Barack Obama in 2007 Democratic primary debate on GLBT issues


On Civil Rights: Has any marriage broken up because two gays hold hands?

The notion of gay marriage has been used to divide people in black churches. I pointed out that if thereís any pastor here who can point out a marriage that has been broken up as a consequence of seeing two men or two women holding hands, then you should tell me, because I havenít seen any evidence of it. And if you think that issue is more important to the black family than the fact that black men donít have any jobs and are struggling in the inner cities, then I profoundly disagree with you.
Source: 2007 HRC/LOGO debate on gay issues Aug 9, 2007

On Civil Rights: We need strong civil unions, not just weak civil unions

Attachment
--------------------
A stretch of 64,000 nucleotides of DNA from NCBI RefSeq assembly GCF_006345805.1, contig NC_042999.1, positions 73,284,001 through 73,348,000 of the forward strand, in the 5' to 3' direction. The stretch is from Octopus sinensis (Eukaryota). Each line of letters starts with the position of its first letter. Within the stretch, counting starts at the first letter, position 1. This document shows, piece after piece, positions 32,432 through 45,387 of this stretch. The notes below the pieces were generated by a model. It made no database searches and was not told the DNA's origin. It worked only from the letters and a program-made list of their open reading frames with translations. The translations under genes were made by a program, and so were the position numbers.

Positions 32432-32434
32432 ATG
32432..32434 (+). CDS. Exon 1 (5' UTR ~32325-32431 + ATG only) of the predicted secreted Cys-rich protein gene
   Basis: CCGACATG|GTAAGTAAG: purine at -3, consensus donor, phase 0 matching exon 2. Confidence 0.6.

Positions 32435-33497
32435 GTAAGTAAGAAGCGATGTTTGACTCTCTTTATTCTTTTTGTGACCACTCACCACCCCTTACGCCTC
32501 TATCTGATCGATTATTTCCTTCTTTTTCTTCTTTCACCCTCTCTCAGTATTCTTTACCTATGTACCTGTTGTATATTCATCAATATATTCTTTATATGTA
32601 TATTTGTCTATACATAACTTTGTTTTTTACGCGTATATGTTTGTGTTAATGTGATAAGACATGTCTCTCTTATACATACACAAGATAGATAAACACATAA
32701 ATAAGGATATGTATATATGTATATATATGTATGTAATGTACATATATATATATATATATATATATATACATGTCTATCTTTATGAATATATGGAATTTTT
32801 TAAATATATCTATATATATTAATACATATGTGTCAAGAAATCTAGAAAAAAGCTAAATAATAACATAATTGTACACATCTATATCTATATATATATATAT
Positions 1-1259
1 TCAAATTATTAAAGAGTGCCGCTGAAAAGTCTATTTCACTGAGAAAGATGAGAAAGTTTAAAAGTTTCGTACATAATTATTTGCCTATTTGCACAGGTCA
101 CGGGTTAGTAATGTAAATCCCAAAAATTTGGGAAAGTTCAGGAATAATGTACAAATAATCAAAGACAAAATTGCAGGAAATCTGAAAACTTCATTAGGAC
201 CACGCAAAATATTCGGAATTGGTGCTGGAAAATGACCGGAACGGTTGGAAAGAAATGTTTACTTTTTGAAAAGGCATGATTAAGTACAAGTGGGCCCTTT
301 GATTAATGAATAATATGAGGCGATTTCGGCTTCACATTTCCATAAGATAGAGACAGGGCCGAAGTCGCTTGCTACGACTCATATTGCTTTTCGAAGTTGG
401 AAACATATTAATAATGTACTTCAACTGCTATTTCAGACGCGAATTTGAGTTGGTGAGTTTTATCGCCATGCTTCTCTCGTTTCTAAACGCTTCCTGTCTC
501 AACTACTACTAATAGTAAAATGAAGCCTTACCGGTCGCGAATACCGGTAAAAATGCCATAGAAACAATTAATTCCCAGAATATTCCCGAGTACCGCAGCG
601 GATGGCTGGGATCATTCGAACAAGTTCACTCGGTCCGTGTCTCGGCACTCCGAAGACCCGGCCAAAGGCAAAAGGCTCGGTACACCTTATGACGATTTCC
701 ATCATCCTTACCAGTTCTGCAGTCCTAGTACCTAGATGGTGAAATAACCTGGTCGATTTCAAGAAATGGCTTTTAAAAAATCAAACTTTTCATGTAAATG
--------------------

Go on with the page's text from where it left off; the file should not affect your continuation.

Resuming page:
It is my strong belief that the government has to treat all citizens equally. I come from that in part out of personal experience. When youíre a black guy named Barack Obama, you know what itís like to be on the outside. And so my concern is continually to make sure that the rights that are conferred by the state are equal for all people.

Thatís why I opposed DOMA in 2006 when I ran for the Senate. Thatís why I am a strong supporter not of a weak version of civil unions, but of a strong version, in which the rights that are conferred at the federal level to persons who are part of the same sex union are compatible.

When it comes to federal rights, the over 1,100 rights that right now are not being given to same sex couples, I think thatís unacceptable, and as president of the United States, I am going to fight hard to make sure that those rights are available.